Loading ...
Sorry, an error occurred while loading the content.

Re: [classicrv] Vintage

Expand Messages
  • Ron Mitchell
    Normally, the chain will slow down and stop on it s own after you release the throttle. On a correctly adjusted chain saw, the chain will not move at an idle.
    Message 1 of 20 , Jun 3, 2007
    View Source
    • 0 Attachment
      Normally, the chain will slow down and stop on it's own after you
      release the throttle. On a correctly adjusted chain saw, the chain
      will not move at an idle. If the carb is worn or out of adjustment or
      the gas/oil mix is way out, the engine might surge at idle and spin
      the chain a little. This will also happen if the idle is set too
      fast. I've had Homelites, a McCulloch Mac Cat, and now a Stihl. All
      of them just sit there at an idle and make smoke and noise.

      The chain brake is an emergency device connected to a paddle-like
      lever in front of the top handle. Under normal conditions, it doesn't
      do anything. But, if you catch the tip and/or the saw bucks up at
      your face, the paddle will hit your forearm, trip the brake, and stop
      the chain, even at full throttle. It keeps you from accidentally
      giving yourself a reverse Mohawk. You are supposed to test this by
      pushing the paddle forward (with the engine at idle). The brake
      should trip. Squeezing on the throttle will not cause the chain to
      move. Just give the throttle a quick squeeze to rev up the engine and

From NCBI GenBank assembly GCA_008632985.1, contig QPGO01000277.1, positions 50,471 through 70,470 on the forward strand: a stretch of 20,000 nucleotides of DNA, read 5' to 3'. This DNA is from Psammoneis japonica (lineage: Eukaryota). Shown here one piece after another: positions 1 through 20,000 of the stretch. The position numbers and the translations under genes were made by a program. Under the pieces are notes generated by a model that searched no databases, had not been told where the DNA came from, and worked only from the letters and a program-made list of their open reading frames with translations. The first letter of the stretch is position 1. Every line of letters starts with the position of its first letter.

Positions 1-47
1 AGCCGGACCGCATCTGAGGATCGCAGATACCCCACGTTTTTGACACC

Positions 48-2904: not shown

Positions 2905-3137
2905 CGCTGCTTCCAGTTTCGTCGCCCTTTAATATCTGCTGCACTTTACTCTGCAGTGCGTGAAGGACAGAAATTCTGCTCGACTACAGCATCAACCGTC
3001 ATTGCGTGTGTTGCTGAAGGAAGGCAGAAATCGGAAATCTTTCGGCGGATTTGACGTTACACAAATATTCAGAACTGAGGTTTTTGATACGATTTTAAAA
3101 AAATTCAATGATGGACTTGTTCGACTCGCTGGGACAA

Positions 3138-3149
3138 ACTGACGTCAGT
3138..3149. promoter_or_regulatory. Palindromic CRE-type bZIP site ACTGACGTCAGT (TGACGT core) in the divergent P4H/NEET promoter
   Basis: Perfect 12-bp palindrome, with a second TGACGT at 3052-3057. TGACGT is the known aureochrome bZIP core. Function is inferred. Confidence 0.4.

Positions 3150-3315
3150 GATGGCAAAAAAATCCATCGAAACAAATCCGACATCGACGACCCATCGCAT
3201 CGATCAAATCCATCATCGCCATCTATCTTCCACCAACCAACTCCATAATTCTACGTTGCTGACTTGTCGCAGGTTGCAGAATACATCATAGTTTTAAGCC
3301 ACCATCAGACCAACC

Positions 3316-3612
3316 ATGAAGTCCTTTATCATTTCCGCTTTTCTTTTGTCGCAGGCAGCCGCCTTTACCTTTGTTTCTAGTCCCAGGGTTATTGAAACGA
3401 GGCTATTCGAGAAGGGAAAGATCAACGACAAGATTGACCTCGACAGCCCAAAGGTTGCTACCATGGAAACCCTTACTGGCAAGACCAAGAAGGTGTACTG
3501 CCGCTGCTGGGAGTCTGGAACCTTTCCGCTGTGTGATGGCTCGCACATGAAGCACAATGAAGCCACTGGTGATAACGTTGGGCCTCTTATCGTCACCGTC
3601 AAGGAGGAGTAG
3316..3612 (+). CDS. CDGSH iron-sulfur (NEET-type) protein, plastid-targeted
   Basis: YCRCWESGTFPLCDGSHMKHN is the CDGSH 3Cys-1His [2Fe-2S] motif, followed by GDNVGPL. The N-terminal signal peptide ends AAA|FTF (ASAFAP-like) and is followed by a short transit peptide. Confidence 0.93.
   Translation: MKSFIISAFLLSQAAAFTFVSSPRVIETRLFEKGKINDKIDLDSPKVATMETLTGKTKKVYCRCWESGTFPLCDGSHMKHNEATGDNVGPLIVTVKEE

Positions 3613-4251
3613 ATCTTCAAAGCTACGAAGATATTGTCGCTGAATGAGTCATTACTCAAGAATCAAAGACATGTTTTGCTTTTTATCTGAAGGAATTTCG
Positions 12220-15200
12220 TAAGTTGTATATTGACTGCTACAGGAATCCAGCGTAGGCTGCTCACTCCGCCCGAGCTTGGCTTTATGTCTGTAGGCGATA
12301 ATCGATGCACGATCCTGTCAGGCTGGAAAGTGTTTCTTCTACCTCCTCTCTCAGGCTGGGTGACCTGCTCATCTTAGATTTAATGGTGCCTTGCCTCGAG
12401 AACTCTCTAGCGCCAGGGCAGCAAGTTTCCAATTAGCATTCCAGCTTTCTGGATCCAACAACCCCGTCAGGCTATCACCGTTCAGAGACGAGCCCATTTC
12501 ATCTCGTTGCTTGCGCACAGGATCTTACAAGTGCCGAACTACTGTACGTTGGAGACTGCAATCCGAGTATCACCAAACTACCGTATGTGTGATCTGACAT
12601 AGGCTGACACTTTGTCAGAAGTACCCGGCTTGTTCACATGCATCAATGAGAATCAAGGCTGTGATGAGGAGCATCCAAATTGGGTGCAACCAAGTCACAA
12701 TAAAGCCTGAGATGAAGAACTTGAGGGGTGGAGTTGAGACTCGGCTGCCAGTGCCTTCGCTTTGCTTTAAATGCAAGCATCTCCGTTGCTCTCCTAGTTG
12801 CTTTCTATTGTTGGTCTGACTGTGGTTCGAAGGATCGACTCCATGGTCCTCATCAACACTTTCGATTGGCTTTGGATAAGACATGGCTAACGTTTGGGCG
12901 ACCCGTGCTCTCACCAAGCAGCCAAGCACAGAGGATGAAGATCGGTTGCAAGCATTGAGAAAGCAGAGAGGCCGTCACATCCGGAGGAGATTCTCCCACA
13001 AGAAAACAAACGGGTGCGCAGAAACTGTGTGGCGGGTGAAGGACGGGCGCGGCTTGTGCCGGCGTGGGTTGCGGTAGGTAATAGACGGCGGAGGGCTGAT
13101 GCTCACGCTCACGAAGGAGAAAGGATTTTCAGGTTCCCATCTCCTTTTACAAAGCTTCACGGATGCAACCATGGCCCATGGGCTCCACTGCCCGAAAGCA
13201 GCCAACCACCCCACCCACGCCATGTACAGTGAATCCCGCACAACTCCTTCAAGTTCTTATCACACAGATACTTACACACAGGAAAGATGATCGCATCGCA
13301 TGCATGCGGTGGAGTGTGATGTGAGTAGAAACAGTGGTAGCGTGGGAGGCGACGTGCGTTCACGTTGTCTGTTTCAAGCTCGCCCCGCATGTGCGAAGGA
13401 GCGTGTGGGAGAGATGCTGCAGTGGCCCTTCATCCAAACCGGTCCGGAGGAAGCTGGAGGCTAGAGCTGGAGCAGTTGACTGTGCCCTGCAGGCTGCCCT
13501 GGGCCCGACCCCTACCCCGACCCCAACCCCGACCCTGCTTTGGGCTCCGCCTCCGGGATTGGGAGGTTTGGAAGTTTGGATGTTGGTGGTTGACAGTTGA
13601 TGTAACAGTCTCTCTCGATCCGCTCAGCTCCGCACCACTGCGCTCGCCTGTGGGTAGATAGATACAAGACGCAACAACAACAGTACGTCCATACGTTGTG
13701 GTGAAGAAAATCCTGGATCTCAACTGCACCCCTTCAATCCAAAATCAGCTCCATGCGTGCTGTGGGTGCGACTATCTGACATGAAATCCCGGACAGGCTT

verify the blade will not move. Keeping the throttle on too long will
      damage your clutch. Pull back on the paddle to release the brake into
      its "armed" position. The chain should now spin normally with
      throttle and stop at an idle.

      Ron
      76 Coachmen

      At 02:42 PM 06/01/2007, you wrote:

      >Does it stop like an e-brake would? I suppose I should have
      >explained better, but when you let the gas off it does not stop as
      >an e-brake would. The chain slows down and spins slightly at idle,
      >unless your bar is dry.
      >Correct me if I'm wrong... Please!
    • Jim & Jan Louiselle
      ... 1935 is still in ... http://www.aol.com. ... My guess would be that looking at the dual rear axle and the shear size of the vehicle,and how stiff it
      Message 2 of 20 , Jun 3, 2007
      View Source
      • 0 Attachment
        --- In classicrv@yahoogroups.com, JerryK <regal5575@...> wrote:
        >
        > Did you notice the price of Gasoline at the gas station? 16 cents.
        > JerryK
        >
        > cammalu2@... wrote:
        > I wonder if this old RV/Bus/Airplane/whatchamacallit from
        1935 is still in
        > existence? Funny sounding engine too.
        >
        > _http://www.youtube.com/watch?v=0YyFQgGTHfs_
        > (http://www.youtube.com/watch?v=0YyFQgGTHfs)
        >
        > ************************************** See what's free at
        http://www.aol.com
        >
        > [Non-text portions of this message have been removed]
        >
        > Pretty wild bodywork there.
        My guess would be that looking at the dual rear axle and the shear
        size of the vehicle,and how stiff it appears to ride, ( not much sway)
        along that distinct exhaust note, that what we have here is a
        retrofitted heavy duty military truck, probably a 6 to 8 ton transport.
        >
        >
        >
        >
        > ---------------------------------
        > Got a little couch potato?
        > Check out fun summer activities for kids.
        >
        > [Non-text portions of this message have been removed]
        >
      Your message has been successfully submitted and would be delivered to recipients shortly.